One of the key areas of malpractice by lawyers is based on the fact that many lawyers don’t actually understand everything about the law. Sometimes, in fact, it is a misunderstanding about the law, or about a particular legal procedure, that lands a client in hot water, or results in the loss of rights or benefits to a client.
An article published in the American Bar Association’s Law Practice Magazine, in fact, notes that the failure to know or properly apply the law was the most common type of malpractice claim filed against lawyers. Here is what Daniel E. Pinnington, the author of that article, had to say:
Failure to know or properly apply the law. Over the past few decades, legislation has become more complex and the law has become far more complicated. This means more lawyers now tend to specialize in a given area of law, with fewer general practitioners in the mix. Today, too, there are increasingly more regulations and new case law is coming out of the courts at an increasingly rapid rate. Clearly, this makes it essential that lawyers regularly participate in continuing legal education programs to maintain a current knowledge of the substantive law so they can avoid errors.
Claims further indicate that “dabblers,” or lawyers acting outside of their usual practice area, are far more likely to commit failure to know or apply the law errors. Too often, lawyers who are asked to handle a legal matter for a family member or friend seem to feel obliged to help, and then find themselves dabbling in an area of law they don’t know. And, given the relationship, it can also be difficult or awkward for the lawyer to give a family member or friend independent legal advice. The lesson: Dabbling is dangerous—don’t do it. Send the family member or friend to another lawyer.
Likewise, lawyers should tread carefully when giving advice or working on matters relating to law for a state where they are not admitted or for non-U.S. law. Not only is there a greater opportunity for making an error—your malpractice policy likely will not cover you in the event you make a mistake. Read your policy to confirm this.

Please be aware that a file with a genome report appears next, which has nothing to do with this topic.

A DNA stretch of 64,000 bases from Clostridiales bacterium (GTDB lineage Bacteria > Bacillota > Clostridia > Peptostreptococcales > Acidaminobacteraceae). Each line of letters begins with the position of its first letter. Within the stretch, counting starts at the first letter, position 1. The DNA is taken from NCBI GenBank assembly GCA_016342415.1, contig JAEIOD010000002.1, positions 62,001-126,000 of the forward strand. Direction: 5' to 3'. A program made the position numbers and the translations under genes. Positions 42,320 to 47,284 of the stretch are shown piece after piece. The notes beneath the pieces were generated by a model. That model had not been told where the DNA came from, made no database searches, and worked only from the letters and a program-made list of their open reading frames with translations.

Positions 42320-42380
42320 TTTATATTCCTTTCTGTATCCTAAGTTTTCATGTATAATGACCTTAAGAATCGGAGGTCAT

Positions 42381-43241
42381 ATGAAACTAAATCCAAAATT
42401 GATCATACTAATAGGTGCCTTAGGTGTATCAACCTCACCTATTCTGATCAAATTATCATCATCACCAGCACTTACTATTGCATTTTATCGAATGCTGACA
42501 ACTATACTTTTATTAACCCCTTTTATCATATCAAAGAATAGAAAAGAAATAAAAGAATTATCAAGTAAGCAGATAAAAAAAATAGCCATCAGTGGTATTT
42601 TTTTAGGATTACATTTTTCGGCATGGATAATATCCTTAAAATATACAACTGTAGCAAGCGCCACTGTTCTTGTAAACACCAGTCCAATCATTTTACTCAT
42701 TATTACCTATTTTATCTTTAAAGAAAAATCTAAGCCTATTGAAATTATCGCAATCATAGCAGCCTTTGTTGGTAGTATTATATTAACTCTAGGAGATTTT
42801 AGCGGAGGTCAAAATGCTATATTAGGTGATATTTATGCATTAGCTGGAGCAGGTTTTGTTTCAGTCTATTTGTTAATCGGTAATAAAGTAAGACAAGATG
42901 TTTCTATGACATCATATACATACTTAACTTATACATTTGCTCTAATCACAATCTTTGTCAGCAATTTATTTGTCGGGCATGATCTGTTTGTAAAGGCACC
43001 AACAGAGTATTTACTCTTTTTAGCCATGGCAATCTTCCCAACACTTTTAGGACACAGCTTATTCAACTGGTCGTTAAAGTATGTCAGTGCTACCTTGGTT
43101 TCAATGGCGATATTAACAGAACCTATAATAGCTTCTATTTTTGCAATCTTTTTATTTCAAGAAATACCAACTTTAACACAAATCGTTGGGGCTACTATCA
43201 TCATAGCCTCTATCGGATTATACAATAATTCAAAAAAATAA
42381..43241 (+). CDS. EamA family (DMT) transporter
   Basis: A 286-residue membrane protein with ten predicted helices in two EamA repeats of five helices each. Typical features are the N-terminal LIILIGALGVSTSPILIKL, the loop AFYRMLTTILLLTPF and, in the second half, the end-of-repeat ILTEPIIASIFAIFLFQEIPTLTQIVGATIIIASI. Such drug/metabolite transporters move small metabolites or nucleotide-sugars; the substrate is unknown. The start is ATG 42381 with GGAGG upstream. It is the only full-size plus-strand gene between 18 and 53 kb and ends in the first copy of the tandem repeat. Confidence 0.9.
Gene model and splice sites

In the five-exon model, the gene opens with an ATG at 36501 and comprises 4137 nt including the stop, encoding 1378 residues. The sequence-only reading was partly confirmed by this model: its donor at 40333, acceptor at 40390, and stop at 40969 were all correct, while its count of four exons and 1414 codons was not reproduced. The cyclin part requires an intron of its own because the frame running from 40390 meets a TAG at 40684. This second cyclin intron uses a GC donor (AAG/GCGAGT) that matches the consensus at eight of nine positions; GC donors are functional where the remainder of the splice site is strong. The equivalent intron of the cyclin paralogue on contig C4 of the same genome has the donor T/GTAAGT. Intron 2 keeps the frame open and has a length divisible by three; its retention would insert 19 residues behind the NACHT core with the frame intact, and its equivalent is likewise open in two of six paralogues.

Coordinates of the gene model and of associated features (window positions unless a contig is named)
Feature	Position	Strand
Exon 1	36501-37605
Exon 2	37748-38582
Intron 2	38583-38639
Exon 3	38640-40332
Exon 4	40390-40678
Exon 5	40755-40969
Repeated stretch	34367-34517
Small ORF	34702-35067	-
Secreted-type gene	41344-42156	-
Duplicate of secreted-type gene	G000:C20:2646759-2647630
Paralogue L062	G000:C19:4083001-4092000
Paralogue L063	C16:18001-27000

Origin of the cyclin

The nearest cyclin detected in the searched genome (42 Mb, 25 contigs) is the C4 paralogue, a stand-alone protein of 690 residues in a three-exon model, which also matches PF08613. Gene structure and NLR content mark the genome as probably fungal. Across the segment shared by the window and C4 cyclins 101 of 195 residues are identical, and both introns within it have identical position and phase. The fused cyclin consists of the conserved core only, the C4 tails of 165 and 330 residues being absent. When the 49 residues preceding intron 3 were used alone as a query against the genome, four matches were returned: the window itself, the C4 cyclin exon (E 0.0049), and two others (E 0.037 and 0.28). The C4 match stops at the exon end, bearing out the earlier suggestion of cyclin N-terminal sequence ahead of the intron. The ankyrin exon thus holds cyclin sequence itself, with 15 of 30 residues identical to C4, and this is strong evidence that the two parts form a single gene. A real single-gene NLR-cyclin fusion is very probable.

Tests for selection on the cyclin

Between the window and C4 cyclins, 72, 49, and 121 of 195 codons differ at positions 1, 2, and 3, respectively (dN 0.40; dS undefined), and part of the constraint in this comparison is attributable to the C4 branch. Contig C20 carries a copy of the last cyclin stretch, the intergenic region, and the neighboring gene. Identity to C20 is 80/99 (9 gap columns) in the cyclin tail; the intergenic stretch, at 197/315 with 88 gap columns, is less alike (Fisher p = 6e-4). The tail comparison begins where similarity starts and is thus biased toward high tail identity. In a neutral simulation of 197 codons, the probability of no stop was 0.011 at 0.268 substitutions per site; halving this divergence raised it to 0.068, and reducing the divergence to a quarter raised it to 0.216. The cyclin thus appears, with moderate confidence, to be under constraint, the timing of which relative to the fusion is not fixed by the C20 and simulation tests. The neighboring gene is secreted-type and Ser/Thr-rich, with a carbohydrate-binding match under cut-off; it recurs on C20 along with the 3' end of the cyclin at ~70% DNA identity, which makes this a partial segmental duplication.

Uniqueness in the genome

Avoiding Malpractice—Are You At Risk?, Law Practice, The Business of Practicing Law, American Bar Association, July/August 2010, Vol. 36, No. 4.
As this excerpt illustrates, attorneys need to know their limits. Trespassing into areas of law where they have little or no training or experience may expose them to malpractice claims. A personal injury lawyer who naively believes he can handle a divorce case may find himself overwhelmed in a Family Court setting where he is required help with the distribution of a couple’s multiple pension and individual retirement accounts, settle complex arguments over alimony, child support, and the distribution of the stock options from the couple’s family business.
Conversely, a family lawyer who thinks she can handle a divorce client’s auto accident personal injury claim may find herself in turbulent malpractice waters if she’s not fully familiar with PIP claims, underinsured motorist claims, Medicare setoffs, medical letters of protection, workers compensation subrogation claims, tort claims notices and statutes of limitations, some or all of which may apply in a particular case.